This past year I hunted an “opportunity” unit that had one ½ mile stretch of road choked with more than 20 camps with license plates ranging from Pennsylvania to California and about everywhere in between. The number of hunters on that small block of public land was unlike anything I’d ever seen. Consequently, with the uptick in pressure, the deer are also going to be scattered few and far between. That’s not to say that finding a mature buck isn’t possible in these areas, because dedicated hunters dig big bucks out of these units every year. But know going into your hunt that a mature buck in an “opportunity” unit is the exception, not the norm.

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As for where to apply, that’s for you to figure out. Every state publishes their draw odds each year. If you want to hunt mule deer, study units with good draw odds, decent success rates, and a high percentage of public land and start doing your homework. E-scouting and talking to local biologists are a suitable place to start and nothing can replace time spent in the unit with boots on the ground.




One caveat to consider in upcoming years is that tag numbers are going to be drastically reduced in parts of the West due to the brutal hand that Mother Nature dealt this past winter with high mortality rates making tags more difficult to obtain. But, if you are willing to archery hunt, you open yourself up to even more opportunities to put a mule deer tag in your pocket regularly.

Everyone Wants to Shoot a Big Buck

Unrealistic trophy expectations are the biggest hurdle to overcome when hunting mule deer. Of course, everyone wants to shoot a giant buck with deep forks. But the sad reality is that opportunities to hunt and kill a truly big mule deer are very rare and becoming increasingly more difficult to come by with each passing year.

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Generally, units that take a wealth of accumulated bonus points to draw should increase trophy potential in that given area. Drawing these premium units help up the odds of seeing a mature buck, but they do not guarantee you kill that big buck. In fact, If I was a betting man, the average Boone and Crocket score of bucks killed, even on some of the best mule deer units in the country, would still be south of that 170 mark. And on “opportunity” units, I would guess the average Boone and Crocket score to be in that 120- and 140-inches range. That might sound disheartening, but this is the reality of hunting public land mule deer in the West.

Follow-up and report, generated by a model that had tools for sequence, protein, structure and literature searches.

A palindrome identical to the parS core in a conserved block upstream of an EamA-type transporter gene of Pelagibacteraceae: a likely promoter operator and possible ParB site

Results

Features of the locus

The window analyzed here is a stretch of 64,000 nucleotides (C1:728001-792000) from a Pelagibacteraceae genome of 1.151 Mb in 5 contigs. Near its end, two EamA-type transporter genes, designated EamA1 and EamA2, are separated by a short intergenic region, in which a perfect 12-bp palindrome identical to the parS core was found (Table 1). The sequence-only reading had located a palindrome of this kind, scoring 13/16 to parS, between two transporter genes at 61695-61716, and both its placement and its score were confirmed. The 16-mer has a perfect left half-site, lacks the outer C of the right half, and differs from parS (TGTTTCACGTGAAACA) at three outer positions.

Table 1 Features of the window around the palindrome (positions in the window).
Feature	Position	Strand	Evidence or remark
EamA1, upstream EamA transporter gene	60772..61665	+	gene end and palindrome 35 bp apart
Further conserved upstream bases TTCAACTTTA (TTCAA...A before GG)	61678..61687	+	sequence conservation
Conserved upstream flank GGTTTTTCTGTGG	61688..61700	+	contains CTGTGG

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To give an example, Idaho conveniently publishes the percentage of bucks killed with 4+points in each unit. In a popular Idaho OTC unit, hunters success rate in 2022 was 18%. Of those 18% of hunters that were lucky enough to fill their tag, 22% of them killed a buck with at least four points on one side. That means that roughly four percent of hunters in that unit killed a “four-point” buck. Also keep in mind that a “four-point” is a subjective trophy term and encompasses everything from a young, 130-inch buck like my first buck, to a true 190+-inch giant.

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My suggestion would be to shift your mindset to defining a trophy by age and not by inches of antler. The quest to hunt and kill a mature, 5+ year old mule deer on public land is a monumental feat worth devoting countless hours to achieve. The sacrifice is well worth the reward when you defy the odds and hang your tag on a mature public land muley.